Factory owners drop shutters, head to Lahore

Disrupted gas, water supply, non-availability of raw materials, financial crunch push industries to Punjab


RAZZAk ABRO September 03, 2021

KARACHI:

The closure and shifting of hundreds of industrial units in recent years has meant a severe blow to Sindh’s already flailing economy. Most of these factories, set up in the provincial capital of Karachi, had been compelled to drop their shutters in the middle of deteriorating law and order conditions and other factors that made operating in the financial capital an up-hill battle.

According to official data, at least 216 industrial units were shut down between 2016 to 2018. Some 90 of those were set up in Karachi. The Sindh industries and commerce department had recently told the provincial assembly that the closure of said industries has been primarily linked to the financial struggles.

Different factors contributed to the closure and shifting of industrial units, said Pakistan Employers Federation of Pakistan President Majeed Aziz, speaking to The Express Tribune. The increase in the cost of production due to inflation and devaluation of the Pakistani rupee is one of them, he said, adding that the number of factories that shut down was higher than stated in official records.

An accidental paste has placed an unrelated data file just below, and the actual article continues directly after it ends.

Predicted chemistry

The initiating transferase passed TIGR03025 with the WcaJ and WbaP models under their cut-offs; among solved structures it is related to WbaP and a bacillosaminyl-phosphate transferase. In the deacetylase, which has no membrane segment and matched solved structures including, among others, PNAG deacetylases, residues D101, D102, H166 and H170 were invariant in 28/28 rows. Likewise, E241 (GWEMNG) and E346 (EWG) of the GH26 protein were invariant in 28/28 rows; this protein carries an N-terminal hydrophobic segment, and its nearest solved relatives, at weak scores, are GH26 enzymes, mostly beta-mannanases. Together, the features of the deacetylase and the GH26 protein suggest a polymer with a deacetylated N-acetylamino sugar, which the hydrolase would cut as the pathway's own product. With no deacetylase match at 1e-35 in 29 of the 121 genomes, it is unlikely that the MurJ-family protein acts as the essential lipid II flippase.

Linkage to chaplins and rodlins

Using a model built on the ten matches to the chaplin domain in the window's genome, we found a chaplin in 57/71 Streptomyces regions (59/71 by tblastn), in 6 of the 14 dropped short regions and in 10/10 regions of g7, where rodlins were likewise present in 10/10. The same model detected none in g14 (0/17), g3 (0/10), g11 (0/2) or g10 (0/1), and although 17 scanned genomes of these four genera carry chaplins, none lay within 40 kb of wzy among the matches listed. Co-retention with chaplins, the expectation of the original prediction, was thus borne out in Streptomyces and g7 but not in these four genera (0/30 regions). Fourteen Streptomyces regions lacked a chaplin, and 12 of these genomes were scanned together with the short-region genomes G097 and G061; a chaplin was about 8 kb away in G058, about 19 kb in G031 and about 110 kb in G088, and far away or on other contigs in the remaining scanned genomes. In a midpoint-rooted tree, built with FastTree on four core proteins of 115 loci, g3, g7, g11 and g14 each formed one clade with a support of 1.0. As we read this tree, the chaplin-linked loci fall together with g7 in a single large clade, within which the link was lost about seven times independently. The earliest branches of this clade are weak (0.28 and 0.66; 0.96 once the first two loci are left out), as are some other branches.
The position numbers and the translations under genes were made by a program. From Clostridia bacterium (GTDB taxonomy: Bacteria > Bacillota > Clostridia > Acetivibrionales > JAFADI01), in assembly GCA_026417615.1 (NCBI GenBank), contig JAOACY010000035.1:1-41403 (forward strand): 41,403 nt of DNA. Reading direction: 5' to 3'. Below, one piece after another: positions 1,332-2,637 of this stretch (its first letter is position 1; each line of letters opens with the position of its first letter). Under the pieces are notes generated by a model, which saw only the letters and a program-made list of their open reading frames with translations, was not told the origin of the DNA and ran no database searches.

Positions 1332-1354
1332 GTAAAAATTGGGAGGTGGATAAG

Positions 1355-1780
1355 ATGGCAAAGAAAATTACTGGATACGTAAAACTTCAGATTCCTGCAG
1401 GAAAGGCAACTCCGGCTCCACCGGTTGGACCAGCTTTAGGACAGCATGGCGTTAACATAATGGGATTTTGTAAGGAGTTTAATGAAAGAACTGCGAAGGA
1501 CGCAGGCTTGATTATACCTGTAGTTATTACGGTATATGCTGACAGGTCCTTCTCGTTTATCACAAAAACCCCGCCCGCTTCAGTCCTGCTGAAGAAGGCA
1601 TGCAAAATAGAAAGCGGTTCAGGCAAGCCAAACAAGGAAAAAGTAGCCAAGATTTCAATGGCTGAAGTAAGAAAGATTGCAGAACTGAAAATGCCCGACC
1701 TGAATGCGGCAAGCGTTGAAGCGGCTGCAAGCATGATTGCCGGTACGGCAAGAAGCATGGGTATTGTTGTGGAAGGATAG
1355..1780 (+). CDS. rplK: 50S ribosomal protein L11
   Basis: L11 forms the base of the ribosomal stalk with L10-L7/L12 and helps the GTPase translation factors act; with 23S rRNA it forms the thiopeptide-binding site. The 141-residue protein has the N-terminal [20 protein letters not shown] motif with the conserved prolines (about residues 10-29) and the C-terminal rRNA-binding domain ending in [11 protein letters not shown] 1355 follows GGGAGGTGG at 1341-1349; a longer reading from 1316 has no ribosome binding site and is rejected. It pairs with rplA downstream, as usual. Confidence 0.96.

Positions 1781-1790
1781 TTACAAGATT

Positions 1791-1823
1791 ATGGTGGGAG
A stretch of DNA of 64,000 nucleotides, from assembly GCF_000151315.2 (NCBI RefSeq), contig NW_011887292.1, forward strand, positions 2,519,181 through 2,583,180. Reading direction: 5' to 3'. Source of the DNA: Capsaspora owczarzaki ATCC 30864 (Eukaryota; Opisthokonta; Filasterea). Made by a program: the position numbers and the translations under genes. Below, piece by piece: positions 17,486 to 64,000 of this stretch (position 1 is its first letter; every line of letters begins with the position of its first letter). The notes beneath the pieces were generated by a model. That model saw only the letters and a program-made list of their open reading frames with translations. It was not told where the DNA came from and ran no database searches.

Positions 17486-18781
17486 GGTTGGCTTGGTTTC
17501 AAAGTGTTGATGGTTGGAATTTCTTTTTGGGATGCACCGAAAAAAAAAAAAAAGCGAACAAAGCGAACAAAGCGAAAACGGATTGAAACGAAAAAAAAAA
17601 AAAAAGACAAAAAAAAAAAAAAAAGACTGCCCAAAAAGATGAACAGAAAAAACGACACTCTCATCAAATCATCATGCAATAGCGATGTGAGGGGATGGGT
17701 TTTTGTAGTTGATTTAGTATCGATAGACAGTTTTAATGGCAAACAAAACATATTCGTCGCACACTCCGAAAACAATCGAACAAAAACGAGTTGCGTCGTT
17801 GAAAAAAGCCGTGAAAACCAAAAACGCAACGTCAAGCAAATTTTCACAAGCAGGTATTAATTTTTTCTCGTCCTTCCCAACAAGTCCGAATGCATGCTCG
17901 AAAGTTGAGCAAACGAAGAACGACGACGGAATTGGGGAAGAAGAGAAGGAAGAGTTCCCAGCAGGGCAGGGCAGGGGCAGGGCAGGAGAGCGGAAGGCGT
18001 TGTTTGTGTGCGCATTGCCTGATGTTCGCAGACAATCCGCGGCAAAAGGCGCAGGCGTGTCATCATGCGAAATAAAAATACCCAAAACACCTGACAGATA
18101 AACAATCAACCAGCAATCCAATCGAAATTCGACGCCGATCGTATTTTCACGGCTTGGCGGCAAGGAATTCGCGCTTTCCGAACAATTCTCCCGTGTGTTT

Aziz believes that the inflow of products from China and other countries has also affected the local market besides Karachi’s industrialists have been haunted by law and order concerns in a city ravaged by crime. Frequent shortages of gas and water have also been paralysing for businesses, he said.

Similarly, All Pakistan Textile Mills Association (APTMA) Chairperson Asif Inam underscored that the government’s indifference towards the crisis brewing in the industrial sector exacerbated the situation. “It was for the same reasons that various textile factories had moved from other parts of Sindh to Karachi in the first place, hoping to expand their businesses. But sadly, the provincial government failed to ensure consistent gas supply to the city’s textile industries.”

The Punjab government on the other hand, said Inam, has provided industries an environment that is more conducive to growth. “The scenario is entirely different in Lahore. The industrial area there is as busy as Karachi’s and is welcoming those who’re shutting their factories in the port city.”

Records of the Sindh industries and commerce department show that there were 592 textile factories in the province. Most of them, 541 to be precise, were operational in Karachi. Of these, 516 were in Karachi SITE (Sindh Industrial Trading Estate) and 25 in Ahsanabad area. Of the remaining, 31 textile factories were operational in Nooriabad, 15 in Kotri and five in Hyderabad SITE.

“Around 25 to 30 per cent of textile units have shifted from Karachi to Lahore in the past 15 years”, said Saleem Saleh, a spokesperson of the APTMA. He said that the initial migration of businesses to Lahore happened due to the rampant violence and worsening law and order situation in Karachi. But even after the situation was more stable, the process continued. “Now, it is the non-availability of raw material, gas and government’s policies that are pushing industries out of the financial capital.”

Published in The Express Tribune, September 3rd, 2021.

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